[TLUG]: ECMAScript ("Javascript") Version 4 - FALSE ALARM

Yehuda Katz wycats at gmail.com
Tue Oct 30 11:22:26 PDT 2007

Sent from my iPhone

On Oct 30, 2007, at 11:15 AM, Michael O'Brien <mob at mbedthis.com> wrote:

> Totally agree that ES4 can be implemented without undue bloat. ES4 VMs
> should remain small with modest growth despite the features being
> considered for ES4.
> We too are creating a compliant ES4 implementation to serve embedded
> devices. So our target is not so much browsers, but small embedded
> devices including mobile. Typical uses are mobile widget engines and
> embedded web servers. Our implementation (EJScript to add yet another
> name) is dual license: open source and commercial as are our previous
> embedded projects. You won't see much on our web about this yet --
> working too hard to complete our Alpha ;-), but we have both a Java  
> and
> C VM running the majority of the ES4 language already including most  
> of
> the big items: classes, packages, units, type annotations and have  
> been
> using it in some commercial products already. So we are field testing
> ES4 features as we go.
> Our all up target memory footprint is < 250K for a minimal script. We
> are currently on target although we are missing some of the runtime
> library. We have a split compile / VM design so this does not include
> the compiler footprint. We have found that some of the ES4 features  
> are
> essential for us to get such a small base footprint. The improved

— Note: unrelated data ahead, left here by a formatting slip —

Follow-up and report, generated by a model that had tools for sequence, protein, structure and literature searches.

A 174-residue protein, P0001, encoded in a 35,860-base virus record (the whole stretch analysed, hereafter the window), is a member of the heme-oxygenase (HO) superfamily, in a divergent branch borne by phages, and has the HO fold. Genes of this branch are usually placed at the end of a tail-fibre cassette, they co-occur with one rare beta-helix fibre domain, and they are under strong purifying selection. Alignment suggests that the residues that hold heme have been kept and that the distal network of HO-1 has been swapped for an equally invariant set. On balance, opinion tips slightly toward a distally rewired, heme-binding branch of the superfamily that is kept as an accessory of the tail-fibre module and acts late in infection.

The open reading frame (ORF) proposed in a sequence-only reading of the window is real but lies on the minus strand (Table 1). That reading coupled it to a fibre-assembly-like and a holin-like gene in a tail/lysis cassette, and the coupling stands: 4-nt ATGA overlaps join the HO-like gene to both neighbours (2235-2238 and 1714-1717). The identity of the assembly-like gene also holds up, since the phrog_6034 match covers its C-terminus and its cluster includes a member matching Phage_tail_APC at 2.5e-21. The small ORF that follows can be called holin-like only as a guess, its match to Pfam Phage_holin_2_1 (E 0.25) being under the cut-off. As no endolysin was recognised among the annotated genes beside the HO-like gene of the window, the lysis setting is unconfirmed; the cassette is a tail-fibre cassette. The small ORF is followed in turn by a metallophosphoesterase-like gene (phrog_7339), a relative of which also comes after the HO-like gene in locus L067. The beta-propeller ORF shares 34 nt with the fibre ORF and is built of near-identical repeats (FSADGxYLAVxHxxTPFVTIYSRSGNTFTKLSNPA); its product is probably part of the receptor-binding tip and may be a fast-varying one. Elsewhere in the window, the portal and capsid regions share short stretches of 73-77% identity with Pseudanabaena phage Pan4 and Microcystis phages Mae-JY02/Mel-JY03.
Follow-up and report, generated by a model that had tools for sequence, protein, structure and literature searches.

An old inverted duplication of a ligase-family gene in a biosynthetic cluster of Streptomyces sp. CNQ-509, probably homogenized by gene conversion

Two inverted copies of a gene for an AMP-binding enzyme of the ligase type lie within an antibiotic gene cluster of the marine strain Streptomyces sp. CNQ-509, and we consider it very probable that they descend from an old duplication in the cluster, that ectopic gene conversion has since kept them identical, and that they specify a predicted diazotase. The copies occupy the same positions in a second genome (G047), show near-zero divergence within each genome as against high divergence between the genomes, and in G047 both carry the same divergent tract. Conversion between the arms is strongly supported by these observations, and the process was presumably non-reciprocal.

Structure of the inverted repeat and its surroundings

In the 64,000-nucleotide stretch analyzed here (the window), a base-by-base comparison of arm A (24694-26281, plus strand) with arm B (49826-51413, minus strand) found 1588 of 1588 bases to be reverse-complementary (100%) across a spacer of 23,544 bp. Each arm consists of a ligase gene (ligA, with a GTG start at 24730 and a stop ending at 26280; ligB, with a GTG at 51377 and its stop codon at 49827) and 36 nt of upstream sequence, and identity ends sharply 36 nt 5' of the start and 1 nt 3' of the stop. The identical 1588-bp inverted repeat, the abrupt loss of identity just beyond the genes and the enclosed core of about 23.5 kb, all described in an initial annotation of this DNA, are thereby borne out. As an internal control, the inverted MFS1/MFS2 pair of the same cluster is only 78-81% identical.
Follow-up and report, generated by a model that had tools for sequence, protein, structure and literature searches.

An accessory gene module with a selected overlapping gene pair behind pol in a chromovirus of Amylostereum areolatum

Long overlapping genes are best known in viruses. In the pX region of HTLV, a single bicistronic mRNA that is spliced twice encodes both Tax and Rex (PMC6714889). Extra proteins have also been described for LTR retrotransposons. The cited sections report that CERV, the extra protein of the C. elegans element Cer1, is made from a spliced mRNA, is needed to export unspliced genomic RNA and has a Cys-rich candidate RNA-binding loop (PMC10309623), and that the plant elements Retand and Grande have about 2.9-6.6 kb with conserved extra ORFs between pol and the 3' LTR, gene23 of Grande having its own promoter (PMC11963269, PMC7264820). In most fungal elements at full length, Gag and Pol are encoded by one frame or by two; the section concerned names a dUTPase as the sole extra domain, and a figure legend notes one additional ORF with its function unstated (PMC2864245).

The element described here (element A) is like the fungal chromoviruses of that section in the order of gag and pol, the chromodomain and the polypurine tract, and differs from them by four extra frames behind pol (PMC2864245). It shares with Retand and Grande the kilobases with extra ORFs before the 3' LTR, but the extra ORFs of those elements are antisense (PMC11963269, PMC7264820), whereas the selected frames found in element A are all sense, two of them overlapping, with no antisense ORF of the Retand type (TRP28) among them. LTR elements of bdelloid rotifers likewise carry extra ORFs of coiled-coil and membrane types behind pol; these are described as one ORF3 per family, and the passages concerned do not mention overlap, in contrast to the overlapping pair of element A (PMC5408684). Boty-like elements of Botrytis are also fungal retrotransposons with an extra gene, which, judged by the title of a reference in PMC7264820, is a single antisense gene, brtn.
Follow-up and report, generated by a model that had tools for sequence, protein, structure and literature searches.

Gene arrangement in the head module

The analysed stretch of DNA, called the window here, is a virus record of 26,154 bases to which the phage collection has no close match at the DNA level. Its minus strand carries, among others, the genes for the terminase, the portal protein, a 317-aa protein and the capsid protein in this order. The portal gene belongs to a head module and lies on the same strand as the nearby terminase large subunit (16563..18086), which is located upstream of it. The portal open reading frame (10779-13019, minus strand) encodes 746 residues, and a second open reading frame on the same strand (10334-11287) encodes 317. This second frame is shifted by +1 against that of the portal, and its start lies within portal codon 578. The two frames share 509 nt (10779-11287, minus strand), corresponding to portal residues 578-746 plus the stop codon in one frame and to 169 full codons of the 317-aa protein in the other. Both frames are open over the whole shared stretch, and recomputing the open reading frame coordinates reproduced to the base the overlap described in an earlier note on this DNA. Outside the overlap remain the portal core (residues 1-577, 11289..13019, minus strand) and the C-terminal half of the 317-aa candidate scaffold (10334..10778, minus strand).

> typing
> greatly enhances early binding and helps allows byte code sizes to be
> reduced. Now if you have large programs and large object counts --
> memory will go up of course.
> I would STRONGLY urge that those who have concerns about the ES4 spec,
> engage and try writing some code with ES4.  The features blend well  
> and
> the end result is a nice expressive language that keeps the old ES3
> dynamism but adds powerful constructs for safer, more scalable  
> programs.
> It seems to wear well the more you use it. It also works well
> incrementally where you can start with ES3 and selectively employ ES4
> features as you wish.
> Michael O'Brien
> Steven Johnson wrote:
>> The suggestions of bloat and instability from some corners are rather
>> disingenuous when you consider that
>> (1) at least one high-quality ES4 engine (Tamarin) will be  
>> available with a
>> source license compatible with both open-source and commercial  
>> vendors, so
>> the claim that it will be hard for browser vendors to implement can
>> theoretically be reduced to a claim that it will be hard for  
>> browser vendors
>> to integrate. (Sure, there may be technical or political obstacles  
>> to using
>> a particular engine, but assuming that the ES4 spec will require  
>> every
>> browser vendor to write their own implementation is clearly false.)
>> (2) at least two active contributors to Tamarin (Adobe and Mozilla)  
>> have a
>> very high vested interest in keeping code size small, as the  
>> success of both
>> Flash Player and Firefox are predicated on acceptable download sizes.
>> As Tom pointed out, the compiler for ES4 will definitely get more  
>> complex,
>> but the VM is unlikely to grow significantly in size or complexity.
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